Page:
How Salma Hayek And A Team Of Animators Brought Kahlil Gibran’s “The Prophet” To Life

Salma Hayek talks about rediscovering The Prophet and working with director Roger Allers and animator Bill Plympton to create a cinematic anthology.

Salma Hayek tends to wax rhapsodic once she gets going on the subject of The Prophet. Lebanese poet Kahlil Gibran’s book of spiritual musings has sold 120 million copies since first being published in 1923, but until Hayek and her team came along, nobody had ever attempted to turn the intellectual property into a feature film. Why not? The Prophet features plenty of New Age musings on love and death but nothing in the way of an actual story.


So Hayek executive produced a Disney-style narrative to draw moviegoers into Gibran’s text as envisioned by eight animators around the world. “The language of the film is the language of dreams,” explains Hayek, who also voices a stressed-out single mother in Kahlil Gibran’s The Prophet, opening August 7 in New York and Los Angeles. “That’s why it’s animated and not live action. We surprise you with these different chapters of animation that feel like dreams so that watching the movie becomes like having a journey inside of yourself.”

“Visual Jewels”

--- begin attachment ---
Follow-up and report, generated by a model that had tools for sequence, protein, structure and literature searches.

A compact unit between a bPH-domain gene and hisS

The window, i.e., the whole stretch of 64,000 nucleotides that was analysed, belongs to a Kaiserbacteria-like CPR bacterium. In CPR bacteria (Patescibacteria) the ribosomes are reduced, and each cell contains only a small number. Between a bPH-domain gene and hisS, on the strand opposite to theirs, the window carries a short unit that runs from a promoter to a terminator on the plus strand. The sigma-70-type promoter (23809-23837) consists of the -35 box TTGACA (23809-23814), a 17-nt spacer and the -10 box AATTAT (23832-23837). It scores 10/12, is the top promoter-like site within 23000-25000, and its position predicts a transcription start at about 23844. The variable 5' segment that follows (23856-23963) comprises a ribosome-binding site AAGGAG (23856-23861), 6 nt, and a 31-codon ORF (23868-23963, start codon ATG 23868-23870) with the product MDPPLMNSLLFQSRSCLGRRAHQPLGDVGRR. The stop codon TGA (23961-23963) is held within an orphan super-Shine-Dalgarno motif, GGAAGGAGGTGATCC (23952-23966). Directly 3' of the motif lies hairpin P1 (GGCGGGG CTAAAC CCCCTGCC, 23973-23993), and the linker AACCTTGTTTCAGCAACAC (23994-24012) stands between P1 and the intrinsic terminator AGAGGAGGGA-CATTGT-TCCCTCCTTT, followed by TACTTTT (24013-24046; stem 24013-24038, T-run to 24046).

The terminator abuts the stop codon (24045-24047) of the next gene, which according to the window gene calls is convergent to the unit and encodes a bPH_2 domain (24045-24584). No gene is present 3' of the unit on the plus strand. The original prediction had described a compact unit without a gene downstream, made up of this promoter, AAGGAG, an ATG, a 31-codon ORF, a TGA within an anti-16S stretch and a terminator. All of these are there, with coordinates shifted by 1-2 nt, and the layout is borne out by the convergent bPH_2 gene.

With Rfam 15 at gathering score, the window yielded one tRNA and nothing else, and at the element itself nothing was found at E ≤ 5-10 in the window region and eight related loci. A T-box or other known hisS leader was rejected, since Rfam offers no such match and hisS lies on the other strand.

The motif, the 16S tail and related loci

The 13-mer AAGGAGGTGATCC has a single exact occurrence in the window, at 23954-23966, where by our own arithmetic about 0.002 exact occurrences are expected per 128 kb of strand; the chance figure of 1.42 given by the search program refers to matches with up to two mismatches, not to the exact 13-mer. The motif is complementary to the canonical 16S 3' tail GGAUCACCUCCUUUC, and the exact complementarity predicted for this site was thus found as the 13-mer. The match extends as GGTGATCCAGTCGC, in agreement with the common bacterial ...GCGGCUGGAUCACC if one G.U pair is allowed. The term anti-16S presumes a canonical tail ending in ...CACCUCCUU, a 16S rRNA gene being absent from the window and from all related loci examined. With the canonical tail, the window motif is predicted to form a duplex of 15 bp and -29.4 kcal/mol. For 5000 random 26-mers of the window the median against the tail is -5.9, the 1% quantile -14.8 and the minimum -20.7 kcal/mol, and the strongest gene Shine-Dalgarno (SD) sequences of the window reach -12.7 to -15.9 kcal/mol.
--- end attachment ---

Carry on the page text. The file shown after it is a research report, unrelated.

Hayek, Oscar-nominated for her performance in Frida, put on her producer’s hat for The Prophet. In addition to raising money, she recruited The Lion King director Roger Allers to craft a kid-friendly framing narrative. Hayek says, “We wanted the main storytelling style to be very simple and down to earth and comfortable for the movie goer. We thought a Disney animator would be great at that.”

Allers came up with a story about a political prisoner held under house arrest. Escorted by soldiers, artist/writer “Mustafa” (voiced by Liam Neeson) travels across a sun-dappled island with housekeeper Kamila, (Hayek) and her rebellious daughter Almitra (Quvenzhané Wallis from Beasts of the Southern Wild). Along the way, Mustafa shares his philosophy during interludes animated by the contributing directors.

“The visual jewels are the poems,” Hayek observes. “Roger was very humble because the first thing he said is that the main story needs to be in neutral, earthy tones to make the poems stand out. Otherwise, it would just be too much information.”

A Long Time Coming

Like co-star Neeson, who recited Gibran’s poems from memory during his voiceover sessions, Hayek counts herself a longtime fan of the poet/painter. “My grandfather was Lebanese and always kept The Prophet on his bedside table,” she recalls. “He died when I was six and we were very close.”

Twelve years later, Hayek happened to spot Gibran’s eye-on-hand book cover painting. “When I saw that drawing, I recognized it from my grandfather’s night stand. So I read the book and it made a huge impression on me. It was as if my grandfather were teaching me about life through The Prophet.”


One Message, Many Visions